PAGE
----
A lot of effort went into making the event's ephemera beautiful. The festival's logo went on our programs, tickets, filmmaker name badges, buttons, and some of the signage. Wherever we needed signs, I was sure to use the festival's font: century gothic.
Gretchin generously took on a last-minute project at my request, producing a batch of 50 buttons as a special freebie for filmmakers and volunteers. Thanks to Bridget Benton of Eyes Aflame for lending us the button-making machine.
What makes a film festival different from just going out to see a movie at the cineplex? People. It begins with your interaction with the event staff, from ticket table to usher to emcee… And then during the show, it's getting to do Q&A with the filmmakers. It's a very different, more social experience when you know that the people who made the films are seated all around you in the audience. At the end of every film, the audience applauded. I didn't know to expect that — but it was awesome!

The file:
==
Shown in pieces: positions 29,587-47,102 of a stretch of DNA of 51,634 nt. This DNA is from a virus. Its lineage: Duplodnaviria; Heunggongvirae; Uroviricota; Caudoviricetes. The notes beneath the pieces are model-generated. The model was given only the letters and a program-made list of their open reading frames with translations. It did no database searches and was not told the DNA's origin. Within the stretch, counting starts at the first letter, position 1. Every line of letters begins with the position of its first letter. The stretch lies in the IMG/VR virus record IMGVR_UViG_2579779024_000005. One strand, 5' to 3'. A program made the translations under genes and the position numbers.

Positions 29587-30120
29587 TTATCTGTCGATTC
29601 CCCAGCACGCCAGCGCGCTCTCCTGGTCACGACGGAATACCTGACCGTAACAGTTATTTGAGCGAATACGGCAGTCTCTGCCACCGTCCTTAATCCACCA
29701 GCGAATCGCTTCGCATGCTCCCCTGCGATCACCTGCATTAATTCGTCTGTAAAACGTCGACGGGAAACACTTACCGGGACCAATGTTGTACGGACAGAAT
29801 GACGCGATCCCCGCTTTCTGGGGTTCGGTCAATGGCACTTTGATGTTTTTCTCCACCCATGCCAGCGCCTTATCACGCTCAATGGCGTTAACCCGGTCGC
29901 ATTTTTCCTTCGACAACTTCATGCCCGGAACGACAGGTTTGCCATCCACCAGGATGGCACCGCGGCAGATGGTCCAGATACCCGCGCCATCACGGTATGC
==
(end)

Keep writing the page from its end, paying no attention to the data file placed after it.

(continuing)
Coming into the auditorium, I wanted people to feel like they were entering a special, magical space. Lights were dimmed, the festival logo was on screen, and pre-show music set the mood (Cirque du Soleil.)
As people found their seats, I was delighted to say hello to many friends and acquaintances who'd made it out for the show. One of my few regrets is that I was unable to personally give all the filmmakers a proper greeting. Having spent so much time with their artistic works, I'd developed a fondness for these people I'd never met.